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digitalmars.D - const / in


Just stepped on the const faq page at http://www.digitalmars.com/d/2.0/cons=
t-faq.html. Illuminating :-)

But I really wonder about the following topic:

Why aren't function parameters const by default?

Since most (nearly all?) function parameters will not be modified, it would=
 seem to make sense to make them all const by default, and one would have t=
o specifically mark as mutable those that would be changed. The problems wi=
th this are:

   1. It would be a huge break from past D practice, and practice in C, C++=
, Java, C#, etc.
   2. It would require a new keyword, say mutable.
   3. And worst, it would make declarations inconsistent:

      void foo(int* p) {
         int* q;

      p points to const, and q points to mutable. This kind of inconsistenc=
y leads to all sorts of mistakes. It also makes it very hard to write gener=
ic code that deals with types.

Using in can mitigate the ugliness of having to annotate with const:

void str_replace(in char[] haystack, in char[] needle);

Well, about the last note, sure: 'in', for me, just means 'const' for a par=
ameter. So that the note just translates the question to "Why aren't functi=
on parameters _in_ by default?"...
Thus, commenting the three point above:
1. Right. (But never breaking just means never progressing, and transportin=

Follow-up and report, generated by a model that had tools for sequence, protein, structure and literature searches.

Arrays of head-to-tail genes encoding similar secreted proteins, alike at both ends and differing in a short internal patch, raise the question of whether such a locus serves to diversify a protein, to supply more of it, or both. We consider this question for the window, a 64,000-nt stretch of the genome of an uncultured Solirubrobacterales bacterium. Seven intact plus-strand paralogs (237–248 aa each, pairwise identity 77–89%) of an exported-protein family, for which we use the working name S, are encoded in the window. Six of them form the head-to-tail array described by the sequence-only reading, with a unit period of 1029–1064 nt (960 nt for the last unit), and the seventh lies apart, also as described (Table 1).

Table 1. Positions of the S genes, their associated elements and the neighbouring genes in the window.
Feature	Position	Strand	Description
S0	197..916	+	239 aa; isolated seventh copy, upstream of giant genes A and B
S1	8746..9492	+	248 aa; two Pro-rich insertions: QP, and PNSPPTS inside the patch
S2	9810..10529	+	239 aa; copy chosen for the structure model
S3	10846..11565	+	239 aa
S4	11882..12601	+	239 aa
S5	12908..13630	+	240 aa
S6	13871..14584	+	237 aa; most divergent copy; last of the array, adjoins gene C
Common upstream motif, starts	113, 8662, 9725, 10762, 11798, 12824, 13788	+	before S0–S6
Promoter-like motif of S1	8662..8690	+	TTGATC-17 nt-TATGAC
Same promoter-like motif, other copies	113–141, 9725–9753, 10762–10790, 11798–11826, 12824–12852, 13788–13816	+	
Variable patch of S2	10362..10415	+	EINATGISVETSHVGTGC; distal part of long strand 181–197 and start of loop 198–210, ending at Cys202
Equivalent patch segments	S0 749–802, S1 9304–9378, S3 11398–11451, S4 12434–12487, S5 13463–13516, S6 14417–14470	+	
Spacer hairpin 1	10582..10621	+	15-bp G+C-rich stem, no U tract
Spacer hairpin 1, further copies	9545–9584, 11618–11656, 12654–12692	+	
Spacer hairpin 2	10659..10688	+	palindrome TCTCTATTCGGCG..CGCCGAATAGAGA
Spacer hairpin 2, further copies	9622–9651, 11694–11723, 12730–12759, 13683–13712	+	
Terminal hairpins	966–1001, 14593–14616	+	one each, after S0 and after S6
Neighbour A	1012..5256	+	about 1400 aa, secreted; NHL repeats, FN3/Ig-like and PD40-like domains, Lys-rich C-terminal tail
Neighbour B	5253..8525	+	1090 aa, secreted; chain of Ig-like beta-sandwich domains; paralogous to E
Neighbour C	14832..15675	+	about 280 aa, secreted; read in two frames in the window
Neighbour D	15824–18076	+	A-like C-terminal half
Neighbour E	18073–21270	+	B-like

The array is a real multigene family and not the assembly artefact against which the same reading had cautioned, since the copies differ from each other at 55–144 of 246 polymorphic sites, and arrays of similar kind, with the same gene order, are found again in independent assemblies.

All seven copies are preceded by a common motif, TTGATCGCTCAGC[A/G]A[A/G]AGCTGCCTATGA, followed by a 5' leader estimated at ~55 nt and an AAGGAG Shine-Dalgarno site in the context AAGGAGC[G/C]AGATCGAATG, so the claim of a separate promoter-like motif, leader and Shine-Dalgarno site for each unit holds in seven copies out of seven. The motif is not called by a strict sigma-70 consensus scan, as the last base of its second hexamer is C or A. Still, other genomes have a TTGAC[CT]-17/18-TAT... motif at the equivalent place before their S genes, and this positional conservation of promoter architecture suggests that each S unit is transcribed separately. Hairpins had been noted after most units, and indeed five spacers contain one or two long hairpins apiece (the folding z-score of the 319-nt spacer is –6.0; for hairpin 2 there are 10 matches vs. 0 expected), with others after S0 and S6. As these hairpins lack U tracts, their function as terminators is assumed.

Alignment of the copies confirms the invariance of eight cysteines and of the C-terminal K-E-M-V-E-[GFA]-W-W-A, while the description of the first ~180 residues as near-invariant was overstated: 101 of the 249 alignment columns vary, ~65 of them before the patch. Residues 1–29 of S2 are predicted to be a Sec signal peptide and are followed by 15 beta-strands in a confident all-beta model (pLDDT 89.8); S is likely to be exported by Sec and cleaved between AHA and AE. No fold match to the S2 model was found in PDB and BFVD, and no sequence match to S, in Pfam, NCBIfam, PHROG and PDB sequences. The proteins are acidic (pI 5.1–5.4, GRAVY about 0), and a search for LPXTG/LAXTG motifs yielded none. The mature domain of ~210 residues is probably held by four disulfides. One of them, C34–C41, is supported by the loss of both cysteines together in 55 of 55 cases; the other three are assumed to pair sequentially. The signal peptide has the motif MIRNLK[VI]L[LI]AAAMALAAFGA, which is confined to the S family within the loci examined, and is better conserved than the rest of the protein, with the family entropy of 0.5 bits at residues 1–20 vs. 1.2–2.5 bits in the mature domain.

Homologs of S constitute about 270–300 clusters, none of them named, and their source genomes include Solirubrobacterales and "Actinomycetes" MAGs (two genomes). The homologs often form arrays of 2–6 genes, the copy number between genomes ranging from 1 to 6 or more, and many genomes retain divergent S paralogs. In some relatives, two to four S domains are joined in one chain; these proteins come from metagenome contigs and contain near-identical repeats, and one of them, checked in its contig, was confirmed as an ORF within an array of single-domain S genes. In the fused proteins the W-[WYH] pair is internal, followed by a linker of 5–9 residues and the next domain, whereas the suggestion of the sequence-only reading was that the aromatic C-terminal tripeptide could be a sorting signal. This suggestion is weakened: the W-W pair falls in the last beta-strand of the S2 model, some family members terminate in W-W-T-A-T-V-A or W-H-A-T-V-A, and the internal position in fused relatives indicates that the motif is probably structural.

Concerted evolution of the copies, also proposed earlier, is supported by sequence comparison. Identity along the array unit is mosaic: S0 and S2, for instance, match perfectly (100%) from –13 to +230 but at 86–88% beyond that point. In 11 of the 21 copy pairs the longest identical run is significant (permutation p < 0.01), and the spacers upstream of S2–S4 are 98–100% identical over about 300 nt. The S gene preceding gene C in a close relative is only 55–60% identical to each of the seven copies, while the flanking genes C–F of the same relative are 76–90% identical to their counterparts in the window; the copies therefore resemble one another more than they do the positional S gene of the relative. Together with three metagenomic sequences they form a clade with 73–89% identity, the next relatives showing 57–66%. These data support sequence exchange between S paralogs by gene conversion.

g the same design errors from language to language forever.) D1 --> D2 was =
the right opportunity for this, esp considering the threading topic below.
2. Yes, precisely! We need _this_ keyword, not 'const' or 'in', for the rar=
e cases (?) where it makes sense to mutate a parameter or any other local v=
3. No! Why then make local variables mutable by default?

The only case where we need to mutate a local var is in loops (accumulators=
 and loop-local vars), like:
	mutable int sum =3D 0;
	mutable int n;
	foreach (s : strings) {
	    n =3D to!int(s);
	    sum +=3D n;
I would be very happy with such a constness scheme. Make the right thing ea=
sy, and the special case explicit. Alternativaly, the compiler may detect v=
ars used in loops and automagically allow their mutation, which would get r=
id of 'mutable'. (Alternatively, the whole feature of loop blocks like done=
 in imperative languages is a design choice. If such loop block get away, m=
utables get away as well.)

The same doc states:
Why does D have const?
   4. Here's the biggie. Points 1..3 are insignificant in comparison. The f=
uture of programming will be multicore, multithreaded. Languages that make =
it easy to program them will supplant languages that don't. Transitive cons=
t is key to bringing D into this paradigm. The surge in use of Haskell and =
Erlang is evidence of this coming trend (the killer feature of those langua=
ges is they make it easy to do multiprogramming). C++ cannot be retrofitted=
 to supporting multiprogramming in a manner that makes it accessible. D isn=
't there yet, but it will be, and transitive const will be absolutely funda=
mental to making it work.

Great. But this whole big thing is sadly weakened by the choice of making l=
ocals mutable by default. Else, most D funcs would so-to-say be "naturally"=
 threading-friendly. And detecting unsafe ones would be (for programmers an=
d compilers as well) as difficult as noting an occurrence of 'mutable'.
Or do I miss the point?

-- -- -- -- -- -- --
vit esse estrany =E2=98=A3

Dec 11 2010